Don’t walk into Teresa Coffman’s classroom and expect to see a typical lecture.
“I flip my classroom,” said Coffman. “I want my students to read and explain and think about the information. I like to hear what they have to say and how we can make it better.”
An associate professor at the University of Mary Washington’s College of Education, Coffman pioneers innovative education in the classroom to inspire future teachers.
“Technology is a tool that can create an environment that really gets students thinking effectively,” said Coffman. “It provides a vast amount of new sources and possibilities.”
Coffman’s graduate courses focus on critical and creative thinking for real-world applications.
“I want my students to think about ways that they can engage their students in new ways of thinking,” said Coffman. “You can’t just sit in front of a computer and expect learning to occur.”
She requires blogs in all her classes, where students reflect and post assignments to share their voices in an online community. Coffman’s students also post videos online for public comment, participate in virtual worlds, use online learning communities and tweet about their class work.
For Coffman, all these different practices teach students how to conduct themselves in an online environment and connect them to local teachers and school systems.
“We have explored literally dozens of new technologies over the course of the semester, and my sense of self-efficacy in incorporating technology into my teaching methods has grown by leaps and bounds,” said Brooke Melville, a master’s of education student enrolled in two of Coffman’s courses.
“When I started the course, I was intimidated by something as simple as an interactive white board,” said Melville. “Now, I blog weekly and have produced a curricular music video, developed a WebQuest with Patrick Henry as my avatar and created a Google LitTrip through Venice with a 9-year-old character as the narrator.”
Coffman and her colleagues in the College of Education are passionate about reaching outside the classroom and utilizing different methods of technology to guide students on the path of success. Last year, Coffman led the creation of TeacherSpot, an open, online teaching community. Users can access methods of best teaching from other College of Education faculty members along with free and open access to resources, teaching tools, webinars and lesson plans.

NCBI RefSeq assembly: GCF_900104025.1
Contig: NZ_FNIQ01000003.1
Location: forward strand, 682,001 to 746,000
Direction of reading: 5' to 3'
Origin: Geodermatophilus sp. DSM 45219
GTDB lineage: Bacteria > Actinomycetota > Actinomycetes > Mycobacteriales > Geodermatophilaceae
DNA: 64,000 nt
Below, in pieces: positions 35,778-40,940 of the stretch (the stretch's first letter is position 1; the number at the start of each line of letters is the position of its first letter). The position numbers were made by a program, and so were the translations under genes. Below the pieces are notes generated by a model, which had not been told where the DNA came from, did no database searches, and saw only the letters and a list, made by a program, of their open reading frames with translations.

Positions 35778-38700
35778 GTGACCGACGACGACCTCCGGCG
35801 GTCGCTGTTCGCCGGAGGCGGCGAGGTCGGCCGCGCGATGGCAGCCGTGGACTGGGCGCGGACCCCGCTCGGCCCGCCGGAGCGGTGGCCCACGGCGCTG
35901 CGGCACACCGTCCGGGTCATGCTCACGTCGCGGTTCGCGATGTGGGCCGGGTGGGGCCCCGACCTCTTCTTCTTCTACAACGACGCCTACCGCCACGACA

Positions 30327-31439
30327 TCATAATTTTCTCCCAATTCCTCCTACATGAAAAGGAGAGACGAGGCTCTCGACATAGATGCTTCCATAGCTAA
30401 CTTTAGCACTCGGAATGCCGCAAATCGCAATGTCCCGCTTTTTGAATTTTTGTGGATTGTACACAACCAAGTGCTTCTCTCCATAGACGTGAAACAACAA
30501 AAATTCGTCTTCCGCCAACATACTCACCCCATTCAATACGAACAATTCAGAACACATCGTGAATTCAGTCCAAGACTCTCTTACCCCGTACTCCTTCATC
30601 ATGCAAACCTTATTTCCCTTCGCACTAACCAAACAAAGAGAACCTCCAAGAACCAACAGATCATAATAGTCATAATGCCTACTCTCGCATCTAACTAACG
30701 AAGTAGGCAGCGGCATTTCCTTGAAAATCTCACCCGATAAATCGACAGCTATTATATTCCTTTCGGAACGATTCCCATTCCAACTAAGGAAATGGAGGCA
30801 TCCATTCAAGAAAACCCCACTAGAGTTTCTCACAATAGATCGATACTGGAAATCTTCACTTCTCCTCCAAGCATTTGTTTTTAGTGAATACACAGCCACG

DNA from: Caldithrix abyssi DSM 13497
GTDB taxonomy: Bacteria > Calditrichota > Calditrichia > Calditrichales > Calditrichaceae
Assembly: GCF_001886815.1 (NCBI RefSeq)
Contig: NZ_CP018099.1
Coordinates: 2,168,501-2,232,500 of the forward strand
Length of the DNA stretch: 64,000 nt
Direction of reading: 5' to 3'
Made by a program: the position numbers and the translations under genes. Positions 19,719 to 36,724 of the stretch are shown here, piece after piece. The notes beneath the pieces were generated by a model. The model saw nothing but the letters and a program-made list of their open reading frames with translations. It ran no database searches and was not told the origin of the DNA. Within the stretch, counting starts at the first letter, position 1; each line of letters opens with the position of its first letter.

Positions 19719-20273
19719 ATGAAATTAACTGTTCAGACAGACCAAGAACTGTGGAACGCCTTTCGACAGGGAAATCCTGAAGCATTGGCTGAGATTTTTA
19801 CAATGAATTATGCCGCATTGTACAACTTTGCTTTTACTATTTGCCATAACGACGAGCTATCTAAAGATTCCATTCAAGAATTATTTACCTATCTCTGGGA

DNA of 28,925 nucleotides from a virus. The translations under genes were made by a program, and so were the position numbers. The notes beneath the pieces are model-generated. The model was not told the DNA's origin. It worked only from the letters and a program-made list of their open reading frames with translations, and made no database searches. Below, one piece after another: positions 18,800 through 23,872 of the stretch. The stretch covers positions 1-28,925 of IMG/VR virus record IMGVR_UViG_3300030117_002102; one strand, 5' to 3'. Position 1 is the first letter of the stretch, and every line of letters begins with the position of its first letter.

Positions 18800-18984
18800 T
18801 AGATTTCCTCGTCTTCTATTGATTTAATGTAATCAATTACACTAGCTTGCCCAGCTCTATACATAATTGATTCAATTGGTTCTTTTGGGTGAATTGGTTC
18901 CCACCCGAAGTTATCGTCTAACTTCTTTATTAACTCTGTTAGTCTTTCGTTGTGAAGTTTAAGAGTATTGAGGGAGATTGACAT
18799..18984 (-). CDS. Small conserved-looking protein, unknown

“It creates a community of practice for practicing teachers,” said Coffman.
Users of TeacherSpot range from UMW graduates to teachers from all over the state.
Coffman is also the coordinator of the EdTech Conference, an annual event now in its third year that brings together educators, education leaders and those interested in education to learn more about how technology is impacting teaching and learning.
“[The College of Education] is always searching for ways we can be more connected with the community of teachers, students and administrators to provide a strong voice for education,” said Coffman.
Coffman recently published a book that focuses on integrating technology into a classroom setting to develop critical thinkers in the 21st century.
“I try to keep active in my field because it’s important for me to know what’s happening and bring it back to my students,” said Coffman, who also gives instructional presentations several times a year and participates on advisory boards for academic journals and books.
“There is never a dull moment in Dr. Coffman’s class; her energy and enthusiasm gets every student excited about technology,” said Olivia Costello, a master’s of education student. “She not only teaches how to use new forms of technology, but also teaches how to integrate those tools into a classroom in a way that enhances student learning.”